It was rewarding to see that the European Environment Agency published its report “Movements of waste across the EU’s internal and external borders”, which provides a valuable insight into the international waste movements.
It should be recognised that the Basel Convention sets out the control mechanisms for transfrontier waste movements, which is augmented by the European Union (EU) Regulation, where the European Union has set up a system for the supervision and control of shipments of waste within its borders and with the countries of the European Free Trade Association (EFTA), the Organisation for Economic Cooperation and Development (OECD) and third countries which are party to the Basel Convention.
This Regulation seeks to strengthen, simplify the specific procedures for controlling waste shipments to improve environmental protection. It thus reduces the risk of waste shipments not being controlled. It also seeks to include into Community legislation the provisions of the Basel Convention as well as the revision of the Decision on the control of transboundary movements of wastes destined for recovery operations, adopted by the OECD in 2001.
At a Member State level, the United Kingdom has implemented specific legislation: The Transfrontier Shipment of Waste Regulations 2007 with consequential amendments to regulate the transfrontier shipment of waste.
I was privileged to work on the implementation of the earlier regulatory controls for transfrontier shipments involving the Greater London area within the London Waste Regulation Authority and then later in the Environment Agency to set-up the regulatory systems with colleagues in Manchester and elsewhere.
The new report shows that ever more waste is crossing EU borders with movements between Member States and to and from non-EU countries. It should be noted that the growth in cross-border waste trade during recent years has been remarkable. Exports of waste iron and steel, and copper, aluminium and nickel from Member States doubled between 1999 and 2011, while waste precious metal exports increased by a factor of three and waste plastics by a factor of five. Similarly, exports of hazardous waste more than doubled in the period 2000-2009.
This change of scale brings significant environmental, social and economic opportunities, where waste moves across borders it can enable access to recycling or disposal options that are unavailable or more costly in the source country with lower environmental and financial costs for waste management. Equally, trade can increase the opportunities to use waste as a valuable input to production, avoiding the need to draw on virgin resources and thereby enhancing the resource.efficiency of the economy as a whole.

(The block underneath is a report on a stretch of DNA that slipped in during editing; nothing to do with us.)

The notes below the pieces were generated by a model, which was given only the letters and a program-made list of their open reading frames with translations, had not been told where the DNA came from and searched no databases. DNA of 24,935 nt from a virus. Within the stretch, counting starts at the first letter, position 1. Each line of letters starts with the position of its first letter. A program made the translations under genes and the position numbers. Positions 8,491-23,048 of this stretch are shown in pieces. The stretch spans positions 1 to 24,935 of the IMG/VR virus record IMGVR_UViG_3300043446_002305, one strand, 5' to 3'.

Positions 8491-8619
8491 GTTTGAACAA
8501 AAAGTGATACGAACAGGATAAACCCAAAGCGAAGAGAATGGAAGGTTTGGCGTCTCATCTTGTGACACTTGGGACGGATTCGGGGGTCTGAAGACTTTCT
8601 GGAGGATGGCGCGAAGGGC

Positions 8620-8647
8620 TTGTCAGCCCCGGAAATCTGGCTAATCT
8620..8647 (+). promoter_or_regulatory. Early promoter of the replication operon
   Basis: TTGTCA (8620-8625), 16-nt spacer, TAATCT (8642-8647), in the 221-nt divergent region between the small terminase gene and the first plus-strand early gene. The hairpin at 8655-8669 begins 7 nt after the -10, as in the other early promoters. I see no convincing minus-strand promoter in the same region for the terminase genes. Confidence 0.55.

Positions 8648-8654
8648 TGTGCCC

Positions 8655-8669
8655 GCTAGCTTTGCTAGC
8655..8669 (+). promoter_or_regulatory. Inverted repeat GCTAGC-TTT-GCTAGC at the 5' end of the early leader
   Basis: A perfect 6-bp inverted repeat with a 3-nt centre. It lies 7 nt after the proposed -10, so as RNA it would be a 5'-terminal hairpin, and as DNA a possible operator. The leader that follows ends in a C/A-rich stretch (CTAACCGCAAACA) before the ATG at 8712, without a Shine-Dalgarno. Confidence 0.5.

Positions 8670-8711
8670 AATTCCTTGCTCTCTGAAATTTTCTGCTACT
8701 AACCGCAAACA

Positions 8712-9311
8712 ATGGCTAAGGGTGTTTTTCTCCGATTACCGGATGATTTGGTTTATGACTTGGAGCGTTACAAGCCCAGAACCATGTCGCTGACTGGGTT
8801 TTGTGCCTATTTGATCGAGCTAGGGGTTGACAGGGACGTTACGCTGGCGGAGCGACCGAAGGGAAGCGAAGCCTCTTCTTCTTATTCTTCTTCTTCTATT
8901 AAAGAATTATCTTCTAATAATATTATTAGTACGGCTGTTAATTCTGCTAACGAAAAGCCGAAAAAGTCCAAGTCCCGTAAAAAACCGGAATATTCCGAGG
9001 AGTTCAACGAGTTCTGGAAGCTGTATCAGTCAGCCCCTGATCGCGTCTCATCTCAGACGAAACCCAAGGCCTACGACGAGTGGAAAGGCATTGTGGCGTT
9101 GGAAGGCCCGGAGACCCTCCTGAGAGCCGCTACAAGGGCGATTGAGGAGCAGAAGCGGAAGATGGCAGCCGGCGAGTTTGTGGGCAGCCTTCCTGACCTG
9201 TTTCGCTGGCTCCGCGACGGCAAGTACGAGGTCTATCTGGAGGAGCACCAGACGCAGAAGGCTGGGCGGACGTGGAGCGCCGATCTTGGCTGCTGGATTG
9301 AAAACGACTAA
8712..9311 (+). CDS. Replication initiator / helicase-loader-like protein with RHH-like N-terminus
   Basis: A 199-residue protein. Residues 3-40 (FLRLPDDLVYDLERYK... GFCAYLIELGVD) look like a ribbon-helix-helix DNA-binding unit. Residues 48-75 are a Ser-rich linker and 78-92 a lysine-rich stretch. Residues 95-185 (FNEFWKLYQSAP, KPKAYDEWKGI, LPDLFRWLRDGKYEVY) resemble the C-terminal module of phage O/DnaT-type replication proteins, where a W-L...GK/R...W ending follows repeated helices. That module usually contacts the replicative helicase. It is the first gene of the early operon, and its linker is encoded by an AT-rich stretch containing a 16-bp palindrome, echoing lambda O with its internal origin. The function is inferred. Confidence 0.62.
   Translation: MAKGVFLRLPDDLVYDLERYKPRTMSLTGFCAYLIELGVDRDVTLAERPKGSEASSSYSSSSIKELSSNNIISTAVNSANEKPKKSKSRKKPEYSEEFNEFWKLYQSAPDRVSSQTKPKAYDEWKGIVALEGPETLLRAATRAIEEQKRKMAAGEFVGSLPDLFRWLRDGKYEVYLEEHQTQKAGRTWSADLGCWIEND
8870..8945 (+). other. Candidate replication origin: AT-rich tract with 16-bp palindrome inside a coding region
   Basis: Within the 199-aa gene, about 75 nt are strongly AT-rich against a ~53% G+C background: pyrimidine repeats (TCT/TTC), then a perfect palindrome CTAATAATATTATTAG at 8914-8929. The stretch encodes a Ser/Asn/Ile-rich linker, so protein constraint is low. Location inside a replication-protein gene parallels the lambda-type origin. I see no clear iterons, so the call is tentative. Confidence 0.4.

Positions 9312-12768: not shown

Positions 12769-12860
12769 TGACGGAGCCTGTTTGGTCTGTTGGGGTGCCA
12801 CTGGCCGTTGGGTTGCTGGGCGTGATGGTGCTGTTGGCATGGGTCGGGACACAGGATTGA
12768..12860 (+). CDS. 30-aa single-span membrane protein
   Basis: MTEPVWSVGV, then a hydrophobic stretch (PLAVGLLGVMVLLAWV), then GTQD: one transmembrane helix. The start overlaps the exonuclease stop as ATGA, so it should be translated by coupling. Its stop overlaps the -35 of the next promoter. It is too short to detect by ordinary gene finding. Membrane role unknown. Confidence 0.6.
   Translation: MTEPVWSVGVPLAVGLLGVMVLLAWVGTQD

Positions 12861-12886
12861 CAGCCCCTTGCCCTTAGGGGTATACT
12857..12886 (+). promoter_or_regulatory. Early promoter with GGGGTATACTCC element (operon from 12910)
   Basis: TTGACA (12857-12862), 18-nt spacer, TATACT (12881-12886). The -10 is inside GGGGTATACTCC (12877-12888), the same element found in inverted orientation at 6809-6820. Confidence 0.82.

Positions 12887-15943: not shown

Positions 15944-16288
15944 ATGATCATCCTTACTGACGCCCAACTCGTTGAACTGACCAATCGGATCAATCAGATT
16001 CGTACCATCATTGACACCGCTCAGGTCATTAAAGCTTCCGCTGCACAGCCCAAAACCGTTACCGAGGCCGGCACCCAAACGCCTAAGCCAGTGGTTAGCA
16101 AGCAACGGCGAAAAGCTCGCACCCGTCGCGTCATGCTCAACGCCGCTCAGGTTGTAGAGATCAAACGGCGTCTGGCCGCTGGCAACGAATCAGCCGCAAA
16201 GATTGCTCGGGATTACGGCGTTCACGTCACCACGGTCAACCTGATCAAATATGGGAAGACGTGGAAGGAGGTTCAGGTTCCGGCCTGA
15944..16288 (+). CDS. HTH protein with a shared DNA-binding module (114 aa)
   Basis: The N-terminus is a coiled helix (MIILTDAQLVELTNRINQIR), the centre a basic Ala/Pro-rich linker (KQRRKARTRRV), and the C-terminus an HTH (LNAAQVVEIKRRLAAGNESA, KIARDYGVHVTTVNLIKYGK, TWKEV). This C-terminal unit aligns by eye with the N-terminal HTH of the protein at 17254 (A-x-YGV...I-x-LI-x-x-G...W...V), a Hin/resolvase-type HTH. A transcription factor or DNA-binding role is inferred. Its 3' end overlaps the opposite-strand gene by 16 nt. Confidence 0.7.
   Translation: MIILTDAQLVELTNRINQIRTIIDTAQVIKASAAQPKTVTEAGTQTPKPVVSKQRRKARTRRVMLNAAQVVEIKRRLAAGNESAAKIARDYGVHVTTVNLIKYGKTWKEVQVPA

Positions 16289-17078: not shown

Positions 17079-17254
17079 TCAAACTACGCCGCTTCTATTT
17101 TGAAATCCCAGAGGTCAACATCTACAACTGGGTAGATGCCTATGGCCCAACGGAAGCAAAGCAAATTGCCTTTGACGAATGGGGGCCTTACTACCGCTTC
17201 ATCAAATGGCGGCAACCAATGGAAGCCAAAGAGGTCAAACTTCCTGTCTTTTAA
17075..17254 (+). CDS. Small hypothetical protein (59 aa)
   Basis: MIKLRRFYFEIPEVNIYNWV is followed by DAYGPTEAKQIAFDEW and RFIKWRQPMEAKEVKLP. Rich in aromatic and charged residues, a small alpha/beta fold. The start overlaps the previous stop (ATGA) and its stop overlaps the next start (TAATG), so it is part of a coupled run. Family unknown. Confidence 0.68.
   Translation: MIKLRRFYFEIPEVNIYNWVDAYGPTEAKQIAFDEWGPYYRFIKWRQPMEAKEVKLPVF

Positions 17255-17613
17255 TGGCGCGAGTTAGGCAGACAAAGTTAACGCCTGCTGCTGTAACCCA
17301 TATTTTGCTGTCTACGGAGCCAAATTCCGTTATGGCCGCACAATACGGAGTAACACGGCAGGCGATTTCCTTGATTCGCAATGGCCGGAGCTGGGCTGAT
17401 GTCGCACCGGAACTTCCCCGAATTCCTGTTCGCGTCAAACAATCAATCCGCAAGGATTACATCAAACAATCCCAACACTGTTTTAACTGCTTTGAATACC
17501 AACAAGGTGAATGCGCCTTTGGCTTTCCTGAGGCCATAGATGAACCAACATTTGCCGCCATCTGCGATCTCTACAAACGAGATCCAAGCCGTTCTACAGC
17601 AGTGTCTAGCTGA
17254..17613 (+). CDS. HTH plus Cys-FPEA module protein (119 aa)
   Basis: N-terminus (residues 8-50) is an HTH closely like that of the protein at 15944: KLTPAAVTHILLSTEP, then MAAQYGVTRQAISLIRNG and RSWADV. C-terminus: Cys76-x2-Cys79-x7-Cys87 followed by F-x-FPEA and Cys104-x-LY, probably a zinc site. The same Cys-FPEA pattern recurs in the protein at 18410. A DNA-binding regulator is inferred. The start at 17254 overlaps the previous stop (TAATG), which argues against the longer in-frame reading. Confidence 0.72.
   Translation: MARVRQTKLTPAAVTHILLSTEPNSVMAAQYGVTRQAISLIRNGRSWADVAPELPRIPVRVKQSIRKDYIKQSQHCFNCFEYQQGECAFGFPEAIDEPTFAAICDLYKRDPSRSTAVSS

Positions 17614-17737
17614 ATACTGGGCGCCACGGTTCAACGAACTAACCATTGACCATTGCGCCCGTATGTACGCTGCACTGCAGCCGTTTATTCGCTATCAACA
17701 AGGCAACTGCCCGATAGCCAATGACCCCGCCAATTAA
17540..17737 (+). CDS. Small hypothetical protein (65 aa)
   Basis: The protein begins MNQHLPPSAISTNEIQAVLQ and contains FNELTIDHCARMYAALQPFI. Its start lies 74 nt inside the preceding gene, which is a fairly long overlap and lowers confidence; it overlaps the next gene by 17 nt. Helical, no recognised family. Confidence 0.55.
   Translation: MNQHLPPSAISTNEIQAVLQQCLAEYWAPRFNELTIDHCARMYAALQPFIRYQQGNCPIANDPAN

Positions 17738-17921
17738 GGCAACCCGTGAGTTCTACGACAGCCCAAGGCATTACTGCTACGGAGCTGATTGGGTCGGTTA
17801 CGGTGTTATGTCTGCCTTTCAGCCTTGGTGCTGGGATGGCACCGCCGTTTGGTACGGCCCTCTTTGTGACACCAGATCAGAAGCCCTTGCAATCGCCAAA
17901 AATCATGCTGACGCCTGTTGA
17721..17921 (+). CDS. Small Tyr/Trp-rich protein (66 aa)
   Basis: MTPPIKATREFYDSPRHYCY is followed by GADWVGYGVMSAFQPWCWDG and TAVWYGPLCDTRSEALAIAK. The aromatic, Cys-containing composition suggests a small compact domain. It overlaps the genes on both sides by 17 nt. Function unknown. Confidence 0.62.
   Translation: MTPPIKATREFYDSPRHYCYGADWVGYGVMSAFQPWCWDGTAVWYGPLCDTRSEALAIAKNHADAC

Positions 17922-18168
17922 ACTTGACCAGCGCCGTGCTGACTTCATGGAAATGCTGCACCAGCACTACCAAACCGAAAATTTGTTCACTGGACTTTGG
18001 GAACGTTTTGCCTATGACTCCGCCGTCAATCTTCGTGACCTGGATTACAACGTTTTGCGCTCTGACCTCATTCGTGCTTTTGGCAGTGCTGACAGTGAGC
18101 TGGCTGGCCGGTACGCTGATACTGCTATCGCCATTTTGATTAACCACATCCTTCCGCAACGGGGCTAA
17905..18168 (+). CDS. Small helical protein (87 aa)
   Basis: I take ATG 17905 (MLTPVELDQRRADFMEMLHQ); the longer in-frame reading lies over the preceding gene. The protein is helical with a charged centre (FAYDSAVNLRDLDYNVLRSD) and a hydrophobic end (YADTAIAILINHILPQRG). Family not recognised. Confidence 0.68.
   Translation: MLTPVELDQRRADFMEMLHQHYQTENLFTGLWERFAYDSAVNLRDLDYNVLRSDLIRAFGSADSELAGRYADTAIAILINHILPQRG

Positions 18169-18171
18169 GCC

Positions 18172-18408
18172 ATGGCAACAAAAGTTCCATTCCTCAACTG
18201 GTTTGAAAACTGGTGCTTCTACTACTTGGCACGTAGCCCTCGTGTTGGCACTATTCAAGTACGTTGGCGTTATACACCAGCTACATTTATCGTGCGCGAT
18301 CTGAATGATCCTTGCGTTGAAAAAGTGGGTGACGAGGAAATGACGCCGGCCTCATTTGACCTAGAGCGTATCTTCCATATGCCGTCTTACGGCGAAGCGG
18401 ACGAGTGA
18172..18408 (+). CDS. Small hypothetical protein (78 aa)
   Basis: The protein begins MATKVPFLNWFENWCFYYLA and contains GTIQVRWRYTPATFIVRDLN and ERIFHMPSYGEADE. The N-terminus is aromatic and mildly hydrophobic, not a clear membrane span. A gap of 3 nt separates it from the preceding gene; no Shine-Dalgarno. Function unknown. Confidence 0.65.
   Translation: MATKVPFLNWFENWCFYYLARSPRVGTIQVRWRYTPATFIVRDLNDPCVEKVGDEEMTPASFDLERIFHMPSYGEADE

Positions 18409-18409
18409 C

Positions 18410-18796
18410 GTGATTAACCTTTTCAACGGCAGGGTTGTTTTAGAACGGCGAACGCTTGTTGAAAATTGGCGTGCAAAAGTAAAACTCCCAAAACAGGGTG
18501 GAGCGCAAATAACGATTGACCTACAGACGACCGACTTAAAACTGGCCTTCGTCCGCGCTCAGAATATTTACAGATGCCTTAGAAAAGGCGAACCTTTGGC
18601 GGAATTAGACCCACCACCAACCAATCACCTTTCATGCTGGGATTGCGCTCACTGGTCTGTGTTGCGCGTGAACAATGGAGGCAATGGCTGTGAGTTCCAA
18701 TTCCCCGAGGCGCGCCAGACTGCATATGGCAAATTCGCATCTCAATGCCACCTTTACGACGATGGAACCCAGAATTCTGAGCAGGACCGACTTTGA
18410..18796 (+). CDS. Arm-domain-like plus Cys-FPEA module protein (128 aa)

At the same time, waste across borders can involve costs and environmental risks. Not only in the environmental impacts of the transport but in the impacts at the destination country and, with illegal waste movements, the risks can be particularly severe.
The analysis in the report shows that the huge growth in transboundary waste movements has several causes, principally, through EU legislation which has played an important role together with the introduction of the single market in the EU in 1993 that facilitated transboundary movements of goods, including waste. This has led many countries to find new approaches to waste management, for example diverting substantial amounts of waste from landfill towards recycling. While we will all recognize that these are welcome changes, they do necessitate different waste management infrastructure to that used previously; where a region or country lacks such infrastructure, exporting waste to countries equipped with the necessary treatment technology and capacity may represent the best solution for the time being.
There are global forces that play an important role in boosting -hazardous waste exports. Rapid economic growth in some countries, particularly in Asia, has created enormous demand for raw materials at the same time as boosting resource prices globally. As resources have become more costly, the incentive to recycle waste or recovery energy via incineration has increased markedly in the EU and outside Europe.
Hazardous waste is treated in other countries due to imbalances in national capacity to handle the wastes are the main catalyst for cross-border movements with the variation in the costs of recovery or disposal in different locations is another important factor.
Any reader interested in international waste movements should obtain a copy of the European Environment Agency’s report at: http://bit.ly/SV3LlD, a copy of Regulation (EC) No 1013/2006 of the European Parliament and of the Council of 14 June 2006 on shipments of waste at: http://bit.ly/UM19Ly and a copy of the UK legislation: The Transfrontier Shipment of Waste Regulations 2007 at http://bit.ly/ZObnLk